Our next stop was Qing Dao, a modern and beautiful city on the Pacific coast. Its architecture was heavily influenced by German entrepreneurs who settled there at the turn of the century. Their expertise in brewing fine beer, accounts for Tsingdao being China’s most famous beer. After a scenic drive to Lao Shan Mountain, we arrived at Tai Qing Temple where we were welcomed by a priest who led us through the extensive temple gardens. He pointing out the wide variety of exotic and well cared for plants. In an inner courtyard we met Abbott Lu, who also emphasized the importance of harmony between man and nature. During an interesting tour of the temple complex we discussed options for future studies with them. He then showed us their new lecture hall where our groups will study.

The next day, we spotted a smaller temple near the top of the mountain. Upon investigation, we discovered two little old monks who obviously didn’t have too many visitors. They proudly showed us Dragon King Spring cave and the trail that Jang San Fang frequently traveled when he stayed there. A short walk up the trail disclosed a beautiful frog pond filled with water lilies. Mark also noticed a lot of empty potato chip bags floating in the water!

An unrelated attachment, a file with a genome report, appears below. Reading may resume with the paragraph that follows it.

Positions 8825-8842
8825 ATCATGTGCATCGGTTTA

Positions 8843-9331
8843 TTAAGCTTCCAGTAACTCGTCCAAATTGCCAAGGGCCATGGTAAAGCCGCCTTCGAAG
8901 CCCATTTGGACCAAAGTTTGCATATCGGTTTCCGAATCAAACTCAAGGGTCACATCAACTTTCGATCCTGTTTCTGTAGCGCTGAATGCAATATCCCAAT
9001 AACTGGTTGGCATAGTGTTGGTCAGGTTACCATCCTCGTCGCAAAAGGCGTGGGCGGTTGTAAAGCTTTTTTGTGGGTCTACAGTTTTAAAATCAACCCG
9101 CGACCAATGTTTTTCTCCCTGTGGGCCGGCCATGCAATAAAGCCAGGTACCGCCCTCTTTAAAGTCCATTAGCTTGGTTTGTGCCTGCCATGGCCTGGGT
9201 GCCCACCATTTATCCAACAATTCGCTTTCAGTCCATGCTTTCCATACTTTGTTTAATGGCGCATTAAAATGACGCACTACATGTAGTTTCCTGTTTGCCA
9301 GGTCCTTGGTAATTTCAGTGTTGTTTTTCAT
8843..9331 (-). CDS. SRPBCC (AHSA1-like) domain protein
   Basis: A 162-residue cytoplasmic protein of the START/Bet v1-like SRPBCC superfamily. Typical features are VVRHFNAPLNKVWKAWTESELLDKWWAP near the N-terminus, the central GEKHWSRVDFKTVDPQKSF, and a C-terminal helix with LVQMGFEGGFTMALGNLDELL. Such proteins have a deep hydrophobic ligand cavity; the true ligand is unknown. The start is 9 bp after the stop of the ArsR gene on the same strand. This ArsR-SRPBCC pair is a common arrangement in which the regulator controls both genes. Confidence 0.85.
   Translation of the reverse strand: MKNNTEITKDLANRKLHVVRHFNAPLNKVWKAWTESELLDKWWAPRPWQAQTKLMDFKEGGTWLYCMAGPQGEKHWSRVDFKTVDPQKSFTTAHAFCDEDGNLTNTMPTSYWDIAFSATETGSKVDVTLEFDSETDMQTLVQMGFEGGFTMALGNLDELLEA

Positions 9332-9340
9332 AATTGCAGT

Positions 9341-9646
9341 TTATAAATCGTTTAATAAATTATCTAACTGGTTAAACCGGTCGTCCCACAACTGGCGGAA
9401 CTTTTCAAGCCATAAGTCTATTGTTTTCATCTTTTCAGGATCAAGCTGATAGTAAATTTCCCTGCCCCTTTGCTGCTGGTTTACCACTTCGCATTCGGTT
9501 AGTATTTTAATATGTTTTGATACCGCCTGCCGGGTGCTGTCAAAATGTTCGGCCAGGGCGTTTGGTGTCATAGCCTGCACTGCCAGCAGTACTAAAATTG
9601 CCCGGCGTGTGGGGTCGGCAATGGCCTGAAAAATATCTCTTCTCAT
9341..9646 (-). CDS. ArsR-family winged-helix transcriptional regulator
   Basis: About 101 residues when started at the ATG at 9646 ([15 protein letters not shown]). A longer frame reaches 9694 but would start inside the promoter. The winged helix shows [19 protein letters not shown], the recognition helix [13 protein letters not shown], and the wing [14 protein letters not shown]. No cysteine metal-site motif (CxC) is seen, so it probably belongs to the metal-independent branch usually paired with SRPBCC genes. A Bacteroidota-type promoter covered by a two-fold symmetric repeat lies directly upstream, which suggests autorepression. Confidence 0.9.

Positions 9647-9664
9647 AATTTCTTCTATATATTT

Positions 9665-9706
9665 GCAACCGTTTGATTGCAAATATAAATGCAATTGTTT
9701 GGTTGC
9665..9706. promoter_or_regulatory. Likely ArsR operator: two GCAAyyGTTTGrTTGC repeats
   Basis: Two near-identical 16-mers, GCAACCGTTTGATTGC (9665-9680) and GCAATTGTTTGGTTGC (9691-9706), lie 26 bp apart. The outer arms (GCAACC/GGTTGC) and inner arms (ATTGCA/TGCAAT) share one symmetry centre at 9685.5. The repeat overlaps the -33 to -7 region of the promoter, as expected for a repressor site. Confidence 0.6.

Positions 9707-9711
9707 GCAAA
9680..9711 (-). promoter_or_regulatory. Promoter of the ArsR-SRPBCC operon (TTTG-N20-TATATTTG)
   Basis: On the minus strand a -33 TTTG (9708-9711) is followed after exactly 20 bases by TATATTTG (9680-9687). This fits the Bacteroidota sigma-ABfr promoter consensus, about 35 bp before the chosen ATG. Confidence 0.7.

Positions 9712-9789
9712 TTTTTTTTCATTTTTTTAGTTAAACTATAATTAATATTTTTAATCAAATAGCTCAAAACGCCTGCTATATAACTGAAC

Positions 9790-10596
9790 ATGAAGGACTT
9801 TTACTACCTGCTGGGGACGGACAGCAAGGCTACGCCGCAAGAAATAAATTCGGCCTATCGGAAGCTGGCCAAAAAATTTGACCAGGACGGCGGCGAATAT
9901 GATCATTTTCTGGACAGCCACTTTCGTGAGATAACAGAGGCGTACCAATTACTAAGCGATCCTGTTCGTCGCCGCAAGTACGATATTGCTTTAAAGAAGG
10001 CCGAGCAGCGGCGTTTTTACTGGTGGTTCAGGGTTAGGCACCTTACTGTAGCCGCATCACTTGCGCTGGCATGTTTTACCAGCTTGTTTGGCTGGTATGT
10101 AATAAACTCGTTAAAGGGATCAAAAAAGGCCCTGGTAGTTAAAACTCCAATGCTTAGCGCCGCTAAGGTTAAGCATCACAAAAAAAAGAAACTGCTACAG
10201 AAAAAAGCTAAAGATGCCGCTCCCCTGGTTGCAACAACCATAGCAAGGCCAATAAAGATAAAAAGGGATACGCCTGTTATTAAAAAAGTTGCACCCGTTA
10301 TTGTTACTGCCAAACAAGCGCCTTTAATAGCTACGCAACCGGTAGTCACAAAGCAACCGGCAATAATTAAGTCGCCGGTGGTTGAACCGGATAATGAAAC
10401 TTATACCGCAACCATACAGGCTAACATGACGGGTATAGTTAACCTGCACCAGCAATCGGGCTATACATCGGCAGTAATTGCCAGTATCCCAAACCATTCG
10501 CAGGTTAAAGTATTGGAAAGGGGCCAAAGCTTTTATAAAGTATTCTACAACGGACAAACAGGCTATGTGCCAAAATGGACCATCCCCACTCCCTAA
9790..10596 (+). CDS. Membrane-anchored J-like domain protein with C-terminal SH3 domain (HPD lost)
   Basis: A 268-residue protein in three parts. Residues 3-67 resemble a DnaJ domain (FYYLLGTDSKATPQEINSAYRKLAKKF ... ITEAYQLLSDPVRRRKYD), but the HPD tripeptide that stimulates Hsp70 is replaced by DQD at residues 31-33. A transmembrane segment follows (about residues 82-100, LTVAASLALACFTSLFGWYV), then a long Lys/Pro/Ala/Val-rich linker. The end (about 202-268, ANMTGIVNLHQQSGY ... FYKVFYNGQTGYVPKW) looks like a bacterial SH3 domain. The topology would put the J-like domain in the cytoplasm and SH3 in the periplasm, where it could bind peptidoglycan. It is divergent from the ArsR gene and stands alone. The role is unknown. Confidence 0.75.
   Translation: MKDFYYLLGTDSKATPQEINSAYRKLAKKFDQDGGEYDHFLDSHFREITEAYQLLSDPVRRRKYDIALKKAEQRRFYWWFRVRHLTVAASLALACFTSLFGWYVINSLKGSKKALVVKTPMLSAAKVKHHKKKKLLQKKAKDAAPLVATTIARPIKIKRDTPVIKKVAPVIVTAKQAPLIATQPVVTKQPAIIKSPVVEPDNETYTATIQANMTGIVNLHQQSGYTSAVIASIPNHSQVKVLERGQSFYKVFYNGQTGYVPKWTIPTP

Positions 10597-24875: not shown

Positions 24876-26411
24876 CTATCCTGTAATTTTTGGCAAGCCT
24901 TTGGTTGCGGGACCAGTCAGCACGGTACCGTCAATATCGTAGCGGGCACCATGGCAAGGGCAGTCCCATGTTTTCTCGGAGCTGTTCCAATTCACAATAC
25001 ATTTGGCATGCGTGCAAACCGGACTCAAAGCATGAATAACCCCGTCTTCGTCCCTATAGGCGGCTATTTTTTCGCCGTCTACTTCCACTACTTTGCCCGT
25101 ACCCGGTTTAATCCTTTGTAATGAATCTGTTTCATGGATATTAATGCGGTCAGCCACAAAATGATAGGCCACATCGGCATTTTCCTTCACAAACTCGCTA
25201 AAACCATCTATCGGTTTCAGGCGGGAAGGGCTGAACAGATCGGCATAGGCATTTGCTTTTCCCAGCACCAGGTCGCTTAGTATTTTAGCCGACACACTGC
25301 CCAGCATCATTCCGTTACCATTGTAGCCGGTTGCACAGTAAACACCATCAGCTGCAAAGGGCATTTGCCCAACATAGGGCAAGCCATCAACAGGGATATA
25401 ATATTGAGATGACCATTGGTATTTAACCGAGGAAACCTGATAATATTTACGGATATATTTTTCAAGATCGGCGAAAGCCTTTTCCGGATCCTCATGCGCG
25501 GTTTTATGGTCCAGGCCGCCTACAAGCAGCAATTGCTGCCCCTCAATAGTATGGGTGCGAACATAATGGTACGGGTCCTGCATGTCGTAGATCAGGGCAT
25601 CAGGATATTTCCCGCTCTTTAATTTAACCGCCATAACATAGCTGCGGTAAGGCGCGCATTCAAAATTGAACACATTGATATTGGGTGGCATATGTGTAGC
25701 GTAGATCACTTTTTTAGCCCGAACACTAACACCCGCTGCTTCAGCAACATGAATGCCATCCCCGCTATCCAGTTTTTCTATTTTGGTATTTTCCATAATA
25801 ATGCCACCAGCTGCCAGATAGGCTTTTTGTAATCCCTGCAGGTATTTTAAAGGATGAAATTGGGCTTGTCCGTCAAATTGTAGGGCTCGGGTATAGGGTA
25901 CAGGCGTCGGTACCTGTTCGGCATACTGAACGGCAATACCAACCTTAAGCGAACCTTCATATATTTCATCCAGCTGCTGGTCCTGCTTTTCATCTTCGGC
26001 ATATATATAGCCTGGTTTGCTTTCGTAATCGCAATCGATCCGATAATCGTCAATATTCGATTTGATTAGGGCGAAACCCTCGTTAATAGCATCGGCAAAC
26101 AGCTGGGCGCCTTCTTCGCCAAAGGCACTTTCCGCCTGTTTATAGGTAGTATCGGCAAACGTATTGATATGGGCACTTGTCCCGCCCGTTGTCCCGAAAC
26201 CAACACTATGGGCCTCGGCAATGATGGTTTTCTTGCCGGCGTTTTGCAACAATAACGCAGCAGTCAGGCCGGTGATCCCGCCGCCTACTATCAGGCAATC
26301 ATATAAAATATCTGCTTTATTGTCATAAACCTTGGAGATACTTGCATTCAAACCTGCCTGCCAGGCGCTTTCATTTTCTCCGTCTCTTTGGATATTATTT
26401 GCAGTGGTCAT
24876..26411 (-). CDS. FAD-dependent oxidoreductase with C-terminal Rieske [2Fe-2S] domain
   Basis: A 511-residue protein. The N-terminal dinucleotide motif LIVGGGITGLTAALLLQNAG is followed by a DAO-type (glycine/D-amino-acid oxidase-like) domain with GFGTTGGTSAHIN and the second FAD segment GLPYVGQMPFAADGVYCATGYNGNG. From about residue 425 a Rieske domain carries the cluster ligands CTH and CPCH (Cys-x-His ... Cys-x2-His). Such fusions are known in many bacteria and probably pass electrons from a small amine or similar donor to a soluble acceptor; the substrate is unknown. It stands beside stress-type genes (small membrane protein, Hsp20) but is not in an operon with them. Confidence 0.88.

After descending the mountain to the sea coast, we took an exciting high speed boat tour of Qing Dao Harbor, followed by a quick flight to Wu Han. It was supposed to only be a stopping off point between planes and trains, but it turned out to be one of the more surprising and unusual places we visited. Expecting a dirty industrial city, we found their main boulevard so lit up with bright lights and neon signs, it dwarfed the strip at Las Vegas!

After the glitter of Wu Han, we took an overnight train to Mount Wu Dang Shan. We arrived at 4:30 in the morning, an hour ahead of schedule. And can you believe we were charged higher fares for the extra speed! Wu Dang looked as if it was under siege, due to much new construction. The city is preparing for the flood of Westerners who saw the movie, "Crouching Tiger, Hidden Dragon". Did you know...the actors and actresses never made it to the temples? They shot all their fight scenes in the studio and superimposed them onto the temple backgrounds.

Wu Dang Shan is not just one mountain, but a mountain range with numerous temples and martial art centers. The variety of temple architecture is amazing. Some are built over 1,000 foot precipices, others have winding walled courtyards, and some feature ancient sacred wells. One wooden structure is supported by a huge central pillar with twelve horizontal beams spiraling out from the center. Another features a narrowly carved stone projecting twelve feet out from the mountain over a deep canyon ravine. People obviously crawl out on it to place burning incense at the end. But, we decided to decline the offer.

Almost every temple features a tortoise supporting a huge tablet on its back.